Film Review: Atomic Blonde

by Chris Piper on July 28, 2017

Theron heats up a cold city

Lorraine Broughton (Charlize Theron) smokes, drinks, kicks, and kills with the best of them.

Take a world nearing collapse, a main character with oodles of bitchy beauty, add some cold-war cloak and dagger spycraft, throw in some “fluid sexuality,” lots of fight scenes, and just a pinch of back story. Good so far? Not so fast. Take away the script. Take away the music. Take away much of the acting. Not so great? Ok, so put one truly fantastic fight scene back in, and you’re served Atomic Blonde, the Charlize Theron vehicle opening wide today.

First time helmer David Leitch, a former stunt man with co-directing credits on John Wick has taken the graphic novel series The Coldest City and turned it into a mostly a muddled mish-mash that owes much of its existence to Luc Bresson’s La Femme Nikita and Leon: The Professional, as well founding father Doug Limon’s The Bourne Identity.

Full disclosure: I have not, nor do I plan to read any of the graphic novel series, so any connections with those works are unintentional. Screenwriter Kurt Johnstad (300, Act of Valor) has constructed a very basic MacGuffin story set in 1989 Berlin, just before the wall comes down, in which the usual governmental intelligence departments desperately need “The List” to protect agents, prevent the complete breakdown of world order, blah blah blah….

A number of characters chase the list, led by Lorraine Broughton (Charlize Theron), “crown jewel of her Majesty’s Secret Intelligence Service,” and including Berlin Station Chief David Percival (James McAvoy), CIA operative Emmett Kurzfeld (John Goodman), and French intelligence agent Delphine Lasalle (Sophia Boutella). Complicating matters is the existence, but not the identity of, “Satchel,” a double agent known to some, but not all (including the audience) who could betray anyone at any time for reasons that are confusing to most.

Leitch, his cinematographer Jonathan Sela, and his production designer David Scheunemann have endeavored mightily to create a late ’80’s Berlin on the brink of change in which TV news updates of protests and massing at the Berlin Wall presage the messy collapse of the old order. The film is bathed in icy blues and grays, and every other person (especially Theron) seems to be either smoking or downing shots of Stoli. Music supervisor John Houlihan saturates the soundtrack with countless ’80’s pop songs, mostly German variants. Unfortunately, the overall effect, which I assume attempts to replicate the atmosphere of the graphic novels, quickly becomes clichéd and tiresome onscreen.

So we have our plot, our subplot, our characters, and our setting, and we quickly move to the the film’s real purpose: a number of very elaborate action set piece scenes. Here Leitch’s real talent shines, and I predict his lasting contribution to the genré becomes clear. Though Theron is in fantastic shape, Leitch makes sure we know that, as a woman, she suffers from basic biological challenges when fighting men. Rather than attempt to convince us that she is superhuman, like Wonder Woman, he makes her take her punches, and sets up his fight scenes not as quick and furious moves and counter moves to a hasty end, but as drawn-out episodes where the winner uses perseverance, resourcefulness, and sheer will.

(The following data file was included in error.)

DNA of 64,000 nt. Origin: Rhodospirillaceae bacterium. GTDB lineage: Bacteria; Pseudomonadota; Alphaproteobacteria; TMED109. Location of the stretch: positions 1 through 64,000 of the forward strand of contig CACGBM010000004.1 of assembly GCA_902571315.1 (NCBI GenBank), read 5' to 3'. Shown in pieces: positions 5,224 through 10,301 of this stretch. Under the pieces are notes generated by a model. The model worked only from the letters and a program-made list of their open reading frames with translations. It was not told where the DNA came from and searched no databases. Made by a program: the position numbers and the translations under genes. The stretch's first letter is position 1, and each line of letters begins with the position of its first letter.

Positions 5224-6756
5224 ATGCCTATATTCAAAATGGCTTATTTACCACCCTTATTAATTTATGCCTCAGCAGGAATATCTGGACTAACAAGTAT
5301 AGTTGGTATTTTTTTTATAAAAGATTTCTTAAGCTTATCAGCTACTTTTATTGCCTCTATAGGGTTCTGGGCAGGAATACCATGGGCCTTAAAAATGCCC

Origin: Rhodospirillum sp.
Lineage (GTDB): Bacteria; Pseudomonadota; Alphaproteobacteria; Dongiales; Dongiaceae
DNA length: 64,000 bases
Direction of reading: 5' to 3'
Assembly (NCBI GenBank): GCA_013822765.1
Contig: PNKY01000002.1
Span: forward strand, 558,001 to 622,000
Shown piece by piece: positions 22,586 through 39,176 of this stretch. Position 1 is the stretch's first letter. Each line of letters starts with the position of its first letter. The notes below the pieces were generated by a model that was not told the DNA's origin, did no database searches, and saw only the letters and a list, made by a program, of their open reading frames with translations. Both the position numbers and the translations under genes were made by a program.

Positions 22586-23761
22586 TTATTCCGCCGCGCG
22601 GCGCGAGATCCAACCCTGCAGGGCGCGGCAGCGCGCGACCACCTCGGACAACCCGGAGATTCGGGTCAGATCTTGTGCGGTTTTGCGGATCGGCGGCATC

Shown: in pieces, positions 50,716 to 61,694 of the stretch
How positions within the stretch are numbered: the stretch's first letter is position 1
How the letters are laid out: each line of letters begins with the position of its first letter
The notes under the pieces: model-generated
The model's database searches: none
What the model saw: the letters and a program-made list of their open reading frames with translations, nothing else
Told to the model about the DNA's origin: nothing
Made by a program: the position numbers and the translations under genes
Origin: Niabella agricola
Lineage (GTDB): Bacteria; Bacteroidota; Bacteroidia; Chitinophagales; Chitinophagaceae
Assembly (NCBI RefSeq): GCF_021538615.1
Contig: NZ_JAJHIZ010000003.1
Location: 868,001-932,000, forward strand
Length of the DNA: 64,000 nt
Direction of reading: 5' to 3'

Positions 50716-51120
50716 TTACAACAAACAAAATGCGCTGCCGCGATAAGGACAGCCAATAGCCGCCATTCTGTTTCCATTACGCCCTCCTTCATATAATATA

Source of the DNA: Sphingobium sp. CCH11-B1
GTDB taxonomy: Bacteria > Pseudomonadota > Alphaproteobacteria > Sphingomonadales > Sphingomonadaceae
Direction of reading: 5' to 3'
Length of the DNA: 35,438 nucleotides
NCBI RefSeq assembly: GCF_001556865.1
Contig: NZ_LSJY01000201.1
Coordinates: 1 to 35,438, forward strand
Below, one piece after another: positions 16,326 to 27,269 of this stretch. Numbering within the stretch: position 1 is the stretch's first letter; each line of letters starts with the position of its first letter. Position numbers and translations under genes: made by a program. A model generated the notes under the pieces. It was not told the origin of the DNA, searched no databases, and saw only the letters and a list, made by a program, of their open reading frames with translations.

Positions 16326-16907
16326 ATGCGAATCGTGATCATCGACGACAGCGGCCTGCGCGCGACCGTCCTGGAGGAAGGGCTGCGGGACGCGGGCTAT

I guess blondes do have more fun.

There is one scene, about two-thirds through the film, that itself is worth the price of admission. Broughton gets thrown against walls, has various Berlin apartment household items smashed against her, and becomes more and more exhausted as the fight goes on. She does a fantastic job of conveying the sheer exhaustion that must accompany a fight of more than a few seconds, as well as how she must fight through pain and fear to think clearly and stay alive. Leitch also smartly avoids pausing his fights for interchanges between the characters, as is so common, especially in superhero films. His combatants quickly become animalistic savages fighting in real time to the death.

It’s too bad Theron doesn’t have much to do once she’s dispatched yet another attacker. Unfortunately, Leitch and Johnstad make the mistake of giving Theron way too many scenes and not enough character to fill those scenes, and she doesn’t have the acting chops to pull off holding down the entire film without more to say and do besides dress, undress, kill, and not be killed. Sad also to see Broughton’s almost laughable interlude with Delphine Lasalle, and a sex scene where two clearly straight women just cannot sell the audience that they’re actually hot for each other.

If you can overlook the film’s major artistic flaws, then you’ll definitely enjoy some of the best female-centric ass kicking in recent years.


Atomic Blonde opens today in Bay Area theaters.

Chris Piper

Regardless of the age, Chris Piper thinks that a finely-crafted script, brought to life by willing actors guided by a sure-handed director, supported by a committed production and post-production team, for the benefit of us all, is just about the coolest thing ever.

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